More than two-thirds (68 per cent) of U.S. employers say they’re increasing salaries and enhancing employee benefits in 2023 amid a tough labour market, according to a new survey by the International Foundation of Employee Benefit Plans.

It found employers are planning to increase wages by an average of 3.9 per cent next year, while just nine per cent said they’re increasing wages by six per cent or more. A fifth (17 per cent) said they’re increasing pay only for certain workers and 13 per cent said they haven’t decided whether to increase wages.

Read: Employers favouring wage hikes over benefits enhancements amid high inflation: survey

Employers said performance measurement (57 per cent) is the top factor used to determine a pay increase, followed by job level (44 per cent), employee classification (35 per cent) and collective bargaining status (35 per cent).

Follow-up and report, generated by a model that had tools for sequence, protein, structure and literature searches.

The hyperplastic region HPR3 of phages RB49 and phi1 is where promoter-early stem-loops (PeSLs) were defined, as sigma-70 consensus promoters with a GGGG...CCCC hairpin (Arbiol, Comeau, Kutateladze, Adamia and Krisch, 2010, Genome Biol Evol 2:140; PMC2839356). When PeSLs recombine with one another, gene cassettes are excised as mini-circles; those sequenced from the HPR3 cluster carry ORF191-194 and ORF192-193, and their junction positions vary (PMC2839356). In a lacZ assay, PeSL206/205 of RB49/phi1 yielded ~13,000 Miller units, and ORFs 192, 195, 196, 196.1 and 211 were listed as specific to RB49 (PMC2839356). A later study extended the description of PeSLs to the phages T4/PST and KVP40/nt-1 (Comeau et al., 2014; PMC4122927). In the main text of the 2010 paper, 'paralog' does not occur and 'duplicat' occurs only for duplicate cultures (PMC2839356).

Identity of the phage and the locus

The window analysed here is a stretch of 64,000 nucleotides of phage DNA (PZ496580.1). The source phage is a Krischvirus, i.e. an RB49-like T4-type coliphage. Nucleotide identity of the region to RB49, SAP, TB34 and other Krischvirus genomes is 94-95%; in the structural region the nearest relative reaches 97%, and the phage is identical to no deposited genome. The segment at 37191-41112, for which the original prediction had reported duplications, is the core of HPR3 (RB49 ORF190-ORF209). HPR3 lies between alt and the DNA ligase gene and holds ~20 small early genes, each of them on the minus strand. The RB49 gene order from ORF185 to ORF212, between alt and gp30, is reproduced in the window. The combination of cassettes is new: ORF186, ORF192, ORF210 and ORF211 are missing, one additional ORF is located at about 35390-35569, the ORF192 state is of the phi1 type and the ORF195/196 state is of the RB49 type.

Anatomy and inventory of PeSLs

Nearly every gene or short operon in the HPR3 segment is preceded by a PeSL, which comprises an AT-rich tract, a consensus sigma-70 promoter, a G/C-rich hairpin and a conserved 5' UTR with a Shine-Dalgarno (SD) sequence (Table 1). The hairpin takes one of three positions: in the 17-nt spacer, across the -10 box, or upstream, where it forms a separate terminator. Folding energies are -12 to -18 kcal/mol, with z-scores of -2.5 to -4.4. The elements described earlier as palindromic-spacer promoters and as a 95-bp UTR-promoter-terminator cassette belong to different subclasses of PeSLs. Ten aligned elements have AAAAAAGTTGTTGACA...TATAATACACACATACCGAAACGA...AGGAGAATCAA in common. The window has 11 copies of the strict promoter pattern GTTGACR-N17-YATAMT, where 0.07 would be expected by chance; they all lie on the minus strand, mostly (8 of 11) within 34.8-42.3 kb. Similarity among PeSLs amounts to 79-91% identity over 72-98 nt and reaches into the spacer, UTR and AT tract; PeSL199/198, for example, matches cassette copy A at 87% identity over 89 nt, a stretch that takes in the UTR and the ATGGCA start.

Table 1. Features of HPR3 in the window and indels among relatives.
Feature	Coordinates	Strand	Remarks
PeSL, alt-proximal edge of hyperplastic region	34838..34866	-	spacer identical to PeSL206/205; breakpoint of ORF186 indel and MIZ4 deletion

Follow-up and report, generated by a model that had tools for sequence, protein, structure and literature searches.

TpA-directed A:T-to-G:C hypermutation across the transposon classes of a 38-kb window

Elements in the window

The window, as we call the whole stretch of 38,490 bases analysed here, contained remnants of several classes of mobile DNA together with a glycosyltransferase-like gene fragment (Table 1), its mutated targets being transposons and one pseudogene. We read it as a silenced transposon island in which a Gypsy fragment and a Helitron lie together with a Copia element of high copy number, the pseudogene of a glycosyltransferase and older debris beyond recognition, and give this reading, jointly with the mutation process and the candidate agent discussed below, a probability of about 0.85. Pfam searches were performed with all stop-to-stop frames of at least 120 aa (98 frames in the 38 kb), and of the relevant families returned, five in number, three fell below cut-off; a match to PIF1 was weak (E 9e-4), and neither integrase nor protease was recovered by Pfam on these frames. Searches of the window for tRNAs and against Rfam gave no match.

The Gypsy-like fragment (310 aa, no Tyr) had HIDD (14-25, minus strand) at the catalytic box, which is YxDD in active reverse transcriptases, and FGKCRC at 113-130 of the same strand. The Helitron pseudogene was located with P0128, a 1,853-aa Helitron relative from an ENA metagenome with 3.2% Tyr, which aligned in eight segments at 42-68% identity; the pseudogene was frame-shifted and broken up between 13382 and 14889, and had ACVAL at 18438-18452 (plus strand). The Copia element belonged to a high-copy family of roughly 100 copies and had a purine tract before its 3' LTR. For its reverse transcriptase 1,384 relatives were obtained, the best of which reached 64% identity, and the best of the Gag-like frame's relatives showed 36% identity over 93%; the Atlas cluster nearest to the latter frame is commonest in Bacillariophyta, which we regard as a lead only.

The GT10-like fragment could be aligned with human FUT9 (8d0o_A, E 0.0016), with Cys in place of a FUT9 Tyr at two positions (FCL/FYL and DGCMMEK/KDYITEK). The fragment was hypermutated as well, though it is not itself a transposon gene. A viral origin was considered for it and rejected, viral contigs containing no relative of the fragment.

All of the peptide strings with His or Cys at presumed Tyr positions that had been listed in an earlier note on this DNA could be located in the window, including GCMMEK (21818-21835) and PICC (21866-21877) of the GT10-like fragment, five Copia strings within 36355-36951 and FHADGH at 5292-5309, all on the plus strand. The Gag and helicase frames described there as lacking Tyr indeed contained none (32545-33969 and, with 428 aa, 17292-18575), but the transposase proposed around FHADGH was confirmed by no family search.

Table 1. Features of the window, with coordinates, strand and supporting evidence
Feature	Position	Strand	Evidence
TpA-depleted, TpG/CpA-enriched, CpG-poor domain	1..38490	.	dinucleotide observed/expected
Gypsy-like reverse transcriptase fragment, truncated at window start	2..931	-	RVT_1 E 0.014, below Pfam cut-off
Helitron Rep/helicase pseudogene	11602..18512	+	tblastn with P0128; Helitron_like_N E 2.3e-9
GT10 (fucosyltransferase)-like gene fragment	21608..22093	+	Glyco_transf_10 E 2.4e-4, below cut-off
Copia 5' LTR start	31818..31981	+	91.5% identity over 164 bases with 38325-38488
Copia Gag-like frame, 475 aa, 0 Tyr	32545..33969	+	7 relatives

The survey also found employers are taking a total rewards approach to attract and retain talent in 2023. This includes enhancements to employee well-being programs, including mental health and financial wellness (66 per cent), workplace culture and work-life balance (57 per cent), education and development resources (48 per cent), health benefits (35 per cent), paid leave (32 per cent), in-office perks (27 per cent) and retirement benefits (24 per cent). 

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